Interview: Michael Stal on Architecture Refactoring

| by Niclas Nilsson on Mar 25, 2008. Estimated reading time: 1 minute |

In this interview, Michael Stal describes what architecture refactoring is about and how it relates to both code refactoring and patterns. He describes some architectural refactorings by giving real work examples from his work as Siemens, and he elaborates on some situations where you may want to avoid doing this kind of refactorings.

From the interview:

One of the most typical examples is, if you are a software architect in a project and as I said before normally you are trying to be very elaborate, you are trying to be very sophisticated only to the changes in a very systematic way, but that’s not the way it works of course in practice. So basically what happens after a time that sometimes in space and time you get situations where your architecture gets messy. For instance you get dependency cycles and these dependency cycles are one of the most obvious problems or all of the sudden you subsystem A depends on a subsystem which depends on a subsystem C which also depends of you original subsystem A, which makes the system less testable because if you have to test A, you also need to touch B, C and so on. If you want change something in A you have a dependency on B, so you have also to change something in B and all of these problems are really obvious. One of the architecture refactorings which really is applicable to this kind of situation is how to break dependency cycles. For instance, one solution could be just inverting one of the dependencies, so instead of having a dependency from A to B, try to come up with a dependency from B to A instead, in order to break this kind of dependency cycle.

Michael also describes when he went out looking for literature and other writing in this area and found virtually nothing written about it, and what he hopes to do about it.

Watch the "Michael Stal on Architecture Refactoring" interview.

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Architecture isn't in the code? by Jeremy Wales

I must confess, I don't understand his distinction between architecture refactoring and code refactoring. Does he just mean you need to keep your diagrams up-to-date as you refactor the code? Otherwise, his examples of architecture refactoring would appear, to me at least, to be classic examples of code refactoring: Got dependency cycles? You would probably refactor to a pattern that loosens the coupling; Got two hierarchies and then realize that in your domain there's only really one? Sounds like refactoring toward deeper insight.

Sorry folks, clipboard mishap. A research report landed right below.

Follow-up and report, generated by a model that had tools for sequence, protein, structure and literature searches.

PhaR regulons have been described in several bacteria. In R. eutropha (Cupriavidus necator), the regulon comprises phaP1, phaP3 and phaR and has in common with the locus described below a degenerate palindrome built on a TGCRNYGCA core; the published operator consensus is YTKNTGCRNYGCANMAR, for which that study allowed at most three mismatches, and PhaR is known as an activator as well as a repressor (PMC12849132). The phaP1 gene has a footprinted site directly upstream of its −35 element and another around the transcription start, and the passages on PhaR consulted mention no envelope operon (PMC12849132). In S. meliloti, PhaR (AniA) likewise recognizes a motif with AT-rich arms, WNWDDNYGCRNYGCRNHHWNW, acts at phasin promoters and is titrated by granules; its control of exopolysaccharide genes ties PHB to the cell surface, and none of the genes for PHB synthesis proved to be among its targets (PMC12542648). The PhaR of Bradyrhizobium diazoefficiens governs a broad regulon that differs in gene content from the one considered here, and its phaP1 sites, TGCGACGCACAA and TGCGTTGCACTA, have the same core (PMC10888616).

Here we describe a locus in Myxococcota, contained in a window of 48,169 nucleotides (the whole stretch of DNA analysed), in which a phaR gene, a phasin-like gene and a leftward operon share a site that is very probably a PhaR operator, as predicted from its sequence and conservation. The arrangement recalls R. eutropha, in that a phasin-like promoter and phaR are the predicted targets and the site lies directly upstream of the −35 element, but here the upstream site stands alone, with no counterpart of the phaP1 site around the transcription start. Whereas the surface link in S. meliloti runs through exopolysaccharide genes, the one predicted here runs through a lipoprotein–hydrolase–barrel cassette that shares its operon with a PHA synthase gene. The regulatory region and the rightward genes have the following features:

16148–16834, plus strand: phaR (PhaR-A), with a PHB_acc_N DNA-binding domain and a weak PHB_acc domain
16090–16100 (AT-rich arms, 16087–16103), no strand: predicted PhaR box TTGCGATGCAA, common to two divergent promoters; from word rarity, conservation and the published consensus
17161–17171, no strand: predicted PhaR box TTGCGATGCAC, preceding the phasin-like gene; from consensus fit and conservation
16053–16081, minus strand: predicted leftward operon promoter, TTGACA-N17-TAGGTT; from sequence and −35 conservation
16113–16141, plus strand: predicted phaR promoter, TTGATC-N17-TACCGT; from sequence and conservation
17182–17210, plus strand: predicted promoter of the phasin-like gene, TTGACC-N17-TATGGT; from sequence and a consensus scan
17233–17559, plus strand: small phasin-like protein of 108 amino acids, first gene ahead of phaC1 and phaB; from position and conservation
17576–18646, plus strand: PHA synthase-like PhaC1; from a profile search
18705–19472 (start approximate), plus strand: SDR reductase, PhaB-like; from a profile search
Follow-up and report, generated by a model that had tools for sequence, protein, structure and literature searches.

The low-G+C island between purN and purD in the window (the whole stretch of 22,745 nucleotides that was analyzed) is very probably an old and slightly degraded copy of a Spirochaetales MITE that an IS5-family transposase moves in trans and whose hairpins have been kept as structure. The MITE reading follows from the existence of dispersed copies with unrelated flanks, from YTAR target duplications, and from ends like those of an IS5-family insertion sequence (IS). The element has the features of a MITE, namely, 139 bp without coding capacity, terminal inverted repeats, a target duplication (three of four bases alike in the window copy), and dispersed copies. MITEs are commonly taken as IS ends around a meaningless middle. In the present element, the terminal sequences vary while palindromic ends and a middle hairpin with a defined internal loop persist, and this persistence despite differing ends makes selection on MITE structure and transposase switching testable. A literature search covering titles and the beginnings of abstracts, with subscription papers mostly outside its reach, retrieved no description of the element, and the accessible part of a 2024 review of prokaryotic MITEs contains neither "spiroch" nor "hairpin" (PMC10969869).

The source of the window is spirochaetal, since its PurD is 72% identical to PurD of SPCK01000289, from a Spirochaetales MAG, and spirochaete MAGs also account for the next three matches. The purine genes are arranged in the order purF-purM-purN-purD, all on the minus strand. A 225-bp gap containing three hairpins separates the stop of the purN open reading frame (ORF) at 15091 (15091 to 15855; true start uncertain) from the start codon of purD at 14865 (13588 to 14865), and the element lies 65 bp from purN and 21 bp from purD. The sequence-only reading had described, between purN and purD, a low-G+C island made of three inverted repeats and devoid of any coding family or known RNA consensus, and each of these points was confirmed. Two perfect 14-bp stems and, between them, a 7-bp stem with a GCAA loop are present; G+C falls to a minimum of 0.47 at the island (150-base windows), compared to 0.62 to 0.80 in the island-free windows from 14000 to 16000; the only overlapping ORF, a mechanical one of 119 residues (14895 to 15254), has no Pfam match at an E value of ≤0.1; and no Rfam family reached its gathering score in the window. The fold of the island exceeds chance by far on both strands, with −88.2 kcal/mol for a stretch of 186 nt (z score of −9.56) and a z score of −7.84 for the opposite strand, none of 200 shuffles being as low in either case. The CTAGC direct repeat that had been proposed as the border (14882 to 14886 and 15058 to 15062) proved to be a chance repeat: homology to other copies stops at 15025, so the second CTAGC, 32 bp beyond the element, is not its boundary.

Have I missed something? I may well have as my XP leanings get me riled at any hint of separating architecture from code :-)

Architecture Refactor by Pete Haidinyak

I use Structure101 ( and know in 'realtime' (intellij plugin) when I have caused an unwanted dependency in the application I am writing. It's a cool tool to help keep your architecture 'pure'.

notes about Architecturing Refactoring by William Martinez

Just to clarify some of the ideas.

Refactoring is changing of code in order to improve design without changing functionality.

To me, architecture and design are higher level coding. Code (micro-design) has to be the same solution, just more detailed, than the actual design (Tactical level) which is at the same time a more detailed description of the solution from the architecture design.

Thus, a dependency is reflected in all three levels. There is no way a dependency may be in one level and not in another one. You may not have the best view to catch it, though. Maybe you have no detail in a higher level to see that dependency (a dependency is inside one class or between classes inside a functional unit), or looking at code you cannot detect a global dependency (usually three+ way dependency).

A refactoring in any part may affect any of the other levels, so all should be maintained up-to-date. A refactoring made from strategic level will impact coding, 90% of the time. I code is actually well written, changing a communication way from WS to REST for instance, will require changing probably one class and all should work the same. If it is all tightly coupled, then changing that may require rewriting half the application.

There are several more issues about this. It is interesting, so I may post something more related to this in my blog .

William Martinez Pomares

DSM Methodology might help by Han van Roosmalen

Since a few years some tools based on Dependency Structure Matrix methodology exist. I use Lattix quite extensively. This tool lets you see the current state of the architecture as you have modelled it conceptually against the realised architecture. Before you want to refactor you can manually insert scenario's and see how those will work out and what will be affected.

Lattix support an ever increasing number of platforms, like Java (incl Spring and Hibernate), .Net, SQL Server, Oracle, Delphi Pascal, C/C++. Buildtime it checks for dependency violations, so there is a great way to measure deviations to the intended architecture.

The method proves to be very helpful to architects, and other less technical people. It opens discussions based on what you see in the matrix in stead of gut feeling.

Another interesting article by Marco Di Stefano

Hey guys,
if you are interested about architecture refactoring topic, please check out this post I wrote in my blog


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